Global grant provides clean water for Turkish schools, builds Rotary awareness
"Keep clean, refrain from microbes" is the title of this drawing by an eighth-grader as part of the art contest setup by Rotarians to promote good hygiene. Illustration courtesy of the Rotary Club of Adana-Cukurova, Turkey
Turkish Rotarians have provided 2,500 students in four schools in Adana, Turkey, with new toilets and clean water facilities through a water and sanitation project supported by a Rotary Foundation global grant.
The project, sponsored by the Rotary clubs of Adana-Cukurova, Turkey, and Frutal, Minas Gerais, Brazil, demonstrates how Rotary’s new grant model can enable Rotarians to reach more people in need and make a larger and more lasting impact by involving the community, having a measurable outcome, and building in sustainability.
The effort also shows how the grant model can be used to increase the public’s awareness of Rotary. The Turkish club sponsored concerts by a chorus of Rotarians and Rotaractors in Istanbul and Adana, and arranged newspaper and television coverage, which helped raise funds for the project and publicize Rotary’s role.
Assessing local needs
The Turkish Rotarians began conducting a needs assessment in January 2011 to come up with a project that improved health and hygiene at local schools. The club is in District 2430, part of the Future Vision pilot, which is testing the Rotary Foundation’s new grant model in advance of it being applied to all districts in July 2013.
After determining the shape of their project, the Rotarians sought an international sponsor, and discovered through RI’s LinkedIn group that District 4770, also in the pilot, was looking for a partner for a global grant project with a focus on health.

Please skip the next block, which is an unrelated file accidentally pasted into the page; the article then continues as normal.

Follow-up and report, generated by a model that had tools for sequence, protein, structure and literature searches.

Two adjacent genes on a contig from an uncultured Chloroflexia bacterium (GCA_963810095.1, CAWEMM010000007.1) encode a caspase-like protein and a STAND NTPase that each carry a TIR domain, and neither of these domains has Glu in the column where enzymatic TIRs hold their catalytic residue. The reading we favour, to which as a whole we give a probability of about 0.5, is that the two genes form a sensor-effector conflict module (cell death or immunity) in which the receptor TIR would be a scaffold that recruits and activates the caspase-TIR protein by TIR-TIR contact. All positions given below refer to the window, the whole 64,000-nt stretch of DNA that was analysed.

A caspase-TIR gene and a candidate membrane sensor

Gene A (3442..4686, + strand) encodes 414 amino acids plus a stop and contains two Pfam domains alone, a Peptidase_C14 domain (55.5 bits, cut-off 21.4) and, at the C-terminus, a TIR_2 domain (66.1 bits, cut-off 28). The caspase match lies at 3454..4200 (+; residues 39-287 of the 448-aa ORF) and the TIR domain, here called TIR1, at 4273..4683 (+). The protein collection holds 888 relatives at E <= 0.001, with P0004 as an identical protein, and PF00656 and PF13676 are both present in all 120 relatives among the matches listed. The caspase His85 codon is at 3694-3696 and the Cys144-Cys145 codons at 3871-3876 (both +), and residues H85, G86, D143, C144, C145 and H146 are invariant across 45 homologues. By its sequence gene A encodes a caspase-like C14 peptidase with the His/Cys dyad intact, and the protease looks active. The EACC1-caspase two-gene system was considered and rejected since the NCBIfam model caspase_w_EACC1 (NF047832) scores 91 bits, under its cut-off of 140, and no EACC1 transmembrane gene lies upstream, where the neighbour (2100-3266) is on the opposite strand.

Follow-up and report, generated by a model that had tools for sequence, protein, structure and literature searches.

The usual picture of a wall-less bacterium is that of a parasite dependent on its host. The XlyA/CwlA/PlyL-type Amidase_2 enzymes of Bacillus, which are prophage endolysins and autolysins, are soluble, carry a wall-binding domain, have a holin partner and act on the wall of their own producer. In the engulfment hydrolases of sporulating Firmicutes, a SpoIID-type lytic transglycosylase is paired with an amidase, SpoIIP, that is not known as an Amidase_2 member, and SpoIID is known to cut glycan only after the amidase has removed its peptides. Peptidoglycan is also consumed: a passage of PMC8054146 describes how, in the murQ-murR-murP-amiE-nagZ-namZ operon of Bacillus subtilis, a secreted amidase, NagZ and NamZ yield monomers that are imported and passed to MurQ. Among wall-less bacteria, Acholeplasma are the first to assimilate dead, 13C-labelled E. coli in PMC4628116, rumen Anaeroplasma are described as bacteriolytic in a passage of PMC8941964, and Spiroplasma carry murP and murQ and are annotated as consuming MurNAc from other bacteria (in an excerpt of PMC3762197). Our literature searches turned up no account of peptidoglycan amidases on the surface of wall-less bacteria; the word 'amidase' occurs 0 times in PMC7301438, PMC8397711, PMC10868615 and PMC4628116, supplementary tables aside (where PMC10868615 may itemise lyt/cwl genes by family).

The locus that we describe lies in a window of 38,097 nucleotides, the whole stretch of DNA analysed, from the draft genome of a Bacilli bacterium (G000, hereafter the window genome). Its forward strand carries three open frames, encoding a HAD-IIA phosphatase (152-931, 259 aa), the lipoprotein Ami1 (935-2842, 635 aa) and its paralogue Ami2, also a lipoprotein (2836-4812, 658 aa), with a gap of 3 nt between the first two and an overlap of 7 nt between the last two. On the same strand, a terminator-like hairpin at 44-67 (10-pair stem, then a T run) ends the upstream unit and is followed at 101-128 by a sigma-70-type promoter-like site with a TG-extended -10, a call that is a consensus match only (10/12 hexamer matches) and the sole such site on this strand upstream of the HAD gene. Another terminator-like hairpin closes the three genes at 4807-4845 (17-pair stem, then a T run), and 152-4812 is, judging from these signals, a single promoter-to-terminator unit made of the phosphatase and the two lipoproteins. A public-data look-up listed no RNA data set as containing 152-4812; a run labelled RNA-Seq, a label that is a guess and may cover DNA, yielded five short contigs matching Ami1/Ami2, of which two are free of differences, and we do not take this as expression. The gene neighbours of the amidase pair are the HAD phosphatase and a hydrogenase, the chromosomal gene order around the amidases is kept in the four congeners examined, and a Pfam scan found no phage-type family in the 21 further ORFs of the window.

The two districts stayed in contact through the Future Vision LinkedIn group, and later submitted a global grant application, with the Frutal club serving as international partner. The project addressed two of Rotary’s areas of focus: water and sanitation and disease prevention and treatment.
Implementing the project
In July 2011, after the grant’s approval, members of the Turkish club renovated bathrooms in the four schools, providing new toilets, wash basins, floor and wall tiles, electrical wiring, and other improvements. Project funding included US$12,500 from the District Designated Funds of the two districts, $7,100 in cash donations, and a $16,050 global grant from the Foundation.
Four months later, club members, including two doctors, joined Rotarians from another club in training teams of teachers, administrators, and parents at each school how to instruct the students in good hygiene practice to prevent diseases like diarrhea, Guinea worm, and hepatitis. The teams were charged with monitoring the students’ progress.
To make sure the project continues to have an impact after its May 2012 conclusion, Rotarians posted colorfully illustrated signs on bathroom walls to remind the students about good practices, such as washing their hands, flushing toilets, and turning off the faucets to save water. Rotarians also organized an art and essay contest, with prizes, to keep the students focused on good hygiene and disease prevention. The contest is now part of an annual school event called Hygiene Day.
“We decided that sustainability can be achieved by putting hygiene into [the students’ daily lives] and not just by teacher trainers’ warnings,” said Adana-Cukurova club member Tugrul Yegenaga in the final report for the global grant. The report also notes that when the students eventually become parents, they will pass on what they’ve learned to their children.
To measure the project’s impact, the Rotarians who trained the parent/teacher/administrator teams visited the schools every month to observe how the teams were performing. They visited each school six times to assess student hygiene habits. Rotarians also determined that soap use had increased 300 percent in 2011 compared to the previous year.